Separate collection of food and non-food glass containers is not needed
The glass industry has adapted its entire infrastructure to ensure that collected glass is suitable for bottle-to-bottle recycling. Unlike plastics and other packaging materials, food and non-food glass containers can be collected together without compromising the closed loop recycling back into glass packaging.
Moreover, manufacturers have already invested in sorting technologies that ensure collected glass is carefully sorted, maximising the quality of recycled content before melting.
DRS can’t be considered a mainstream solution for glass recycling
In Europe, nearly 8 out of 10 glass bottles entering the market are collected for recycling – the vast majority through EPR systems. In comparison, DRS cannot be considered a mainstream solution for tackling glass. Looking at the DRS systems in operation across Europe, they accounted for only 3.1% of recycled glass generated in 2017 and were only the main collection method in two of the 27 EU Member States.
Dual recycling systems can be confusing to consumers
Operating two glass collection systems in parallel can be more confusing for consumers, who must identify which containers are suitable for DRS and which should be recycled through bottle banks and kerbside collection.
This may ultimately result in less glass being recycled overall, as DRS typically focus on maximising the collection of certain beverage glass containers, disregarding all other types of containers, such as other beverage containers (like wines or spirits), food jars, perfume bottles, cosmetic, and pharmaceutical packaging – which can all also be integrated into the recycling loop.
DRS doesn’t maximise the quantity or quality of recycled glass
Out of the 13 EU countries with a glass collection rate above 80%, only 3 have a DRS for glass (Estonia, Finland, Germany) and in these 3 countries the EPR schemes perform very well. On the other hand, DRS are in operation in Croatia and Lithuania and although the collection rates for glass in the DRS are high, the overall national recycling rates are below the EU-27 average and place the two countries within the seven least performing Member States in Europe.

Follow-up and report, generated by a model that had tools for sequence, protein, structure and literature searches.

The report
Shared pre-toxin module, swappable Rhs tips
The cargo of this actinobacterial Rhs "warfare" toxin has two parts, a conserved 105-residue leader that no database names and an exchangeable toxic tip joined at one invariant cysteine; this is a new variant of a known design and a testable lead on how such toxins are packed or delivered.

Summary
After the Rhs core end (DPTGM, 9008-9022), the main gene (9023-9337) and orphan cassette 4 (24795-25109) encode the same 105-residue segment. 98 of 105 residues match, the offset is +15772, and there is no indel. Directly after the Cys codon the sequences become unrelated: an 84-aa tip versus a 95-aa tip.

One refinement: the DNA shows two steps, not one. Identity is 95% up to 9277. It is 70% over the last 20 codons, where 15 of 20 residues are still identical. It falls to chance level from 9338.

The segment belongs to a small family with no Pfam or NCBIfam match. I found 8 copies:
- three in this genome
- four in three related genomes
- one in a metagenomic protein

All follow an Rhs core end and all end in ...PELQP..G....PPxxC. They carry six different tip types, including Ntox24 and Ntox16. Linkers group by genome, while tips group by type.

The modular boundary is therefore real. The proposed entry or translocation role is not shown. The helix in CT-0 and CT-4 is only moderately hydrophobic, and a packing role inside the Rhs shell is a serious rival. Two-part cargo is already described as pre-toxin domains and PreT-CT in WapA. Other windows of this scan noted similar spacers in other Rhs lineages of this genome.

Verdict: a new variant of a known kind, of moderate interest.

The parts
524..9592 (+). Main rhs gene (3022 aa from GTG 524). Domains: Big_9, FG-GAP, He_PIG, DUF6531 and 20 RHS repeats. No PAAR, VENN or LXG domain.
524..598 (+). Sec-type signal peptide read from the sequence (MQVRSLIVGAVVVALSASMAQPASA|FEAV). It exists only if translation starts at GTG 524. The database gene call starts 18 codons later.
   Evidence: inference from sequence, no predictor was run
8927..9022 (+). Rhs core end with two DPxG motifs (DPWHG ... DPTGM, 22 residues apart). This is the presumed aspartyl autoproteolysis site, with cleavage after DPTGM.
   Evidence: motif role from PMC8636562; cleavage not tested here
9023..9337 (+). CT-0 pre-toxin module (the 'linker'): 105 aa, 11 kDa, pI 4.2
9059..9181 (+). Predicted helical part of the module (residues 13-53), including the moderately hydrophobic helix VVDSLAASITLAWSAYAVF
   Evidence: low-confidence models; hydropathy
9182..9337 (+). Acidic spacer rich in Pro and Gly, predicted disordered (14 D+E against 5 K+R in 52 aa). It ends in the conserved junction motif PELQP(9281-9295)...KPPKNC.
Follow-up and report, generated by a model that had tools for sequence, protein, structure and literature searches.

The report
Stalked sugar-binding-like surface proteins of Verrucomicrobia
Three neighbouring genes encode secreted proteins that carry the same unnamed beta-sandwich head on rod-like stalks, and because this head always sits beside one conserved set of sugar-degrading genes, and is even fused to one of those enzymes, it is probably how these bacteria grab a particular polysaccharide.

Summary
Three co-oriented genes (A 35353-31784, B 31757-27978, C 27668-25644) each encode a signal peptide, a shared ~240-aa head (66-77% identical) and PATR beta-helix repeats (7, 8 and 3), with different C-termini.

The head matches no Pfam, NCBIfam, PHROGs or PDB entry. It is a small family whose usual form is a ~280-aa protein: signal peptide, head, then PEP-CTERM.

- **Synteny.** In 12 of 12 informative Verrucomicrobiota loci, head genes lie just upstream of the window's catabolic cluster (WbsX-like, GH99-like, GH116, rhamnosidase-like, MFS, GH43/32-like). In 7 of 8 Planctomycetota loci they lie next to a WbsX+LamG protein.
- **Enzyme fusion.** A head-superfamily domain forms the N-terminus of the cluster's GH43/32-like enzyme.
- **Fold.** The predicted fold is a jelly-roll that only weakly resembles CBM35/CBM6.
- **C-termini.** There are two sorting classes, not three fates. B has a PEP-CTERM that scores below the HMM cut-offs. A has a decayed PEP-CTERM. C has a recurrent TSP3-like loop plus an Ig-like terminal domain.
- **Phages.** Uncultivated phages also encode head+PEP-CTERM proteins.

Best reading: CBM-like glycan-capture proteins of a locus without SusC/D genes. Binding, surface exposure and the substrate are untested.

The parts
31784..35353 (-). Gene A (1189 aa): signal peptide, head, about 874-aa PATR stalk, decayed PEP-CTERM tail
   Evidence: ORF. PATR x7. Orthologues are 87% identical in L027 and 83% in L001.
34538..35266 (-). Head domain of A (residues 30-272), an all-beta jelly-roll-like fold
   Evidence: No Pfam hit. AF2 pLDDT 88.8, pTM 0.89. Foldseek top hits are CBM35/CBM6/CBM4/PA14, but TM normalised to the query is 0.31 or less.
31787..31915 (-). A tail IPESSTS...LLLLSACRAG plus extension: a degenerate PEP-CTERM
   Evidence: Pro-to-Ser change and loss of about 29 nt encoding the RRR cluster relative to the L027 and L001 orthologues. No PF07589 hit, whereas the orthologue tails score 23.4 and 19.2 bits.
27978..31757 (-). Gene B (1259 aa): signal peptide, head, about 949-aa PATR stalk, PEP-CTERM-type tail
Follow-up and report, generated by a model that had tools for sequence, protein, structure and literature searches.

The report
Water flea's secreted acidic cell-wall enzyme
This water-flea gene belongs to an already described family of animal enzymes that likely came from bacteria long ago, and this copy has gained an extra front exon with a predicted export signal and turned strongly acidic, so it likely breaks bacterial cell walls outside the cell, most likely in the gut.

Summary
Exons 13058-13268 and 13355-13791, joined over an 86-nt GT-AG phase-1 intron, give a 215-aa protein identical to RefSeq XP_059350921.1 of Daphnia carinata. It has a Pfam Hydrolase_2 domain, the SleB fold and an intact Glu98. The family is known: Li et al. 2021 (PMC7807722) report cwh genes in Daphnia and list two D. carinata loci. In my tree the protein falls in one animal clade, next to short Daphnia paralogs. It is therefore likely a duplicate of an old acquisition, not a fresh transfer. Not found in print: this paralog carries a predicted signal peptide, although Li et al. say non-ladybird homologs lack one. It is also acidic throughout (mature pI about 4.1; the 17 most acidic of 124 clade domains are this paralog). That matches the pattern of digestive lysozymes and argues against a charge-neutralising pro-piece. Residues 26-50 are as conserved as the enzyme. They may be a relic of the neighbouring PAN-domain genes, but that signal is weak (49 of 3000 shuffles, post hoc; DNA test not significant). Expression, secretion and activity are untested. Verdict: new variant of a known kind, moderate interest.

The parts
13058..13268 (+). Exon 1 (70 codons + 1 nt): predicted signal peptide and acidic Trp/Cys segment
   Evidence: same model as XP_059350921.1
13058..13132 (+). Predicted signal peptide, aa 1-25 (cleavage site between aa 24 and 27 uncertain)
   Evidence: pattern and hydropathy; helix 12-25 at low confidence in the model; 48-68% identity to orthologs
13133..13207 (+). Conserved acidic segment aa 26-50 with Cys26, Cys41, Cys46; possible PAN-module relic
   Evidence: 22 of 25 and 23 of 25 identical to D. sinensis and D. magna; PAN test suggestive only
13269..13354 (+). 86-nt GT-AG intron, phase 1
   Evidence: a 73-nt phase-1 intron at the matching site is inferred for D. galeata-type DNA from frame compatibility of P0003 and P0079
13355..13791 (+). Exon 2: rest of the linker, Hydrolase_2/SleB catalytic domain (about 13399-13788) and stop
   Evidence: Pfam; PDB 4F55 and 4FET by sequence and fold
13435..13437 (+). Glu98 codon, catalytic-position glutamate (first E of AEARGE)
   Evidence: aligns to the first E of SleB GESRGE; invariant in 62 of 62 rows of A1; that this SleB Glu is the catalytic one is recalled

This is because the introduction of the DRS has resulted in a lack of investment, planning or system management in EPR. In fact, the implementation of a recycling DRS can impact the efficient collection by the local authorities of non-DRS material, undoing decades of investment in infrastructure and education.
Introducing glass in DRS can lead to increased plastic (and metal) consumption
The inclusion of glass in a DRS has clear market distorting consequences. In countries with dual recycling systems, the market share of glass packaging for products that are commonly within the scope of DRS (beer, soft drinks, mineral water) is 65–78% lower than in those without a DRS. This is due to the fact that it is more difficult to manage glass through a DRS than.plastic or cans, and this is reflected in the much higher producer fees for glass. In addition, countries like Croatia, Germany and Finland, which have all included glass in DRS, have seen a public shift towards PET options and a subsequent reduction of glass bottles on the market.